The world of work is changing rapidly.
Occupational health and safety and environmental health increasingly are seen as a joint product with goods and services, requiring line-management responsibility.
This new specialty is encouraged to be strategic rather than tactical to optimize its value in the core business of industry-related medical needs.
Because employers, governments, and workers bear major costs, they have a strategic interest in outcomes.
Strategic opportunities exist for reduction of the impact of occupational injury and disease ; stewardship of the environment, product, and process ; the reduction of nonoccupational health care costs ; for having occupational and environmental health and safety follow best business practices and be prominent in the leadership of change ; for optimizing human relations/labor policies and practices ; and for meeting regulatory requirements.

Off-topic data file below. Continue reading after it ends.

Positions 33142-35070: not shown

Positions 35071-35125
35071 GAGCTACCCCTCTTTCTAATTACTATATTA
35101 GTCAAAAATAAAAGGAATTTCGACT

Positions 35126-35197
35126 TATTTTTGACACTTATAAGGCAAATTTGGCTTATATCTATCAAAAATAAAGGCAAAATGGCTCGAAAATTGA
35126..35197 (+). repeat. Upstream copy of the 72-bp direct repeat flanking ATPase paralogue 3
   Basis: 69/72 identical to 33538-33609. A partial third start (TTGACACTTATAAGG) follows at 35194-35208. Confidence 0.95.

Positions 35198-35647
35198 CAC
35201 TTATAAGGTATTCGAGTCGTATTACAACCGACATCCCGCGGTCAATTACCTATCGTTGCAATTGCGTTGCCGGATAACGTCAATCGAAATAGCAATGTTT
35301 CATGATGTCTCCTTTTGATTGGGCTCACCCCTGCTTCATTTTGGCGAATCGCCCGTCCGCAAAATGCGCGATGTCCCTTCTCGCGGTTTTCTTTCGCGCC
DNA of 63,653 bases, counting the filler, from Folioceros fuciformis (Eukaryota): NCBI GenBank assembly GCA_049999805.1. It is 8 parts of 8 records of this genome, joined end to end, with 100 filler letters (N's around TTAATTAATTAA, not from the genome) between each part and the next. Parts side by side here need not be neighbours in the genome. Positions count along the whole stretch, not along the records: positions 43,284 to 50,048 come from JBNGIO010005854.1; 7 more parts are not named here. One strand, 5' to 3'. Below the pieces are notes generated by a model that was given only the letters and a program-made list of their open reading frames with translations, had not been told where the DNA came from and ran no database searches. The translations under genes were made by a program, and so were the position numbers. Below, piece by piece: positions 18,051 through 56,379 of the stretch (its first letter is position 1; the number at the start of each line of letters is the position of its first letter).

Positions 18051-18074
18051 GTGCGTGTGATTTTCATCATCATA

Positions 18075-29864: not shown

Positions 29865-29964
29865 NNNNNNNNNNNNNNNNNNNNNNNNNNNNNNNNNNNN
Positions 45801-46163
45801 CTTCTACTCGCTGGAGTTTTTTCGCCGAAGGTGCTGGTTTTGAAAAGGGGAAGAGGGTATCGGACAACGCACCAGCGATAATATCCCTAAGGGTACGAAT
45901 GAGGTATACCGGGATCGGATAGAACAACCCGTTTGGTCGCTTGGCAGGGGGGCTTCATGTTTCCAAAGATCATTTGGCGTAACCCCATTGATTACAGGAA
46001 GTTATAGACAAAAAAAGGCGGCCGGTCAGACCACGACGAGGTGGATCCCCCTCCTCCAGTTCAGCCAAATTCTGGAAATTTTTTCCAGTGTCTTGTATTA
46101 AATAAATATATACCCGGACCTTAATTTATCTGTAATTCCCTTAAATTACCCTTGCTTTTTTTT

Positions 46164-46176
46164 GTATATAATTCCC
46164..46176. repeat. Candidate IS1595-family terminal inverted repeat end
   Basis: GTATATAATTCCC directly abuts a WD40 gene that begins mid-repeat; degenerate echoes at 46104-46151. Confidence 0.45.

The strategic position of the specialty can be strengthened through discussion, dialogue and vision development, role definition, establishment and use of performance indicators, improved career structures and training, and a proactive approach to quality initiatives, research, marketing and strategic alliances.
Mots-clés Pascal : Politique sanitaire, Stratégie, Médecine travail, Santé et environnement, Programme sanitaire, Prévention, Coût, Qualité, Etats Unis, Amérique du Nord, Amérique, Australie, Océanie, Homme
Mots-clés Pascal anglais : Health policy, Strategy, Occupational medicine, Health and environment, Sanitary program, Prevention, Costs, Quality, United States, North America, America, Australia, Oceania, Human
Notice produite par :
Inist-CNRS - Institut de l'Information Scientifique et Technique
Cote : 97-0062220
Code Inist : 002B30B03. Création : 21/05/1997.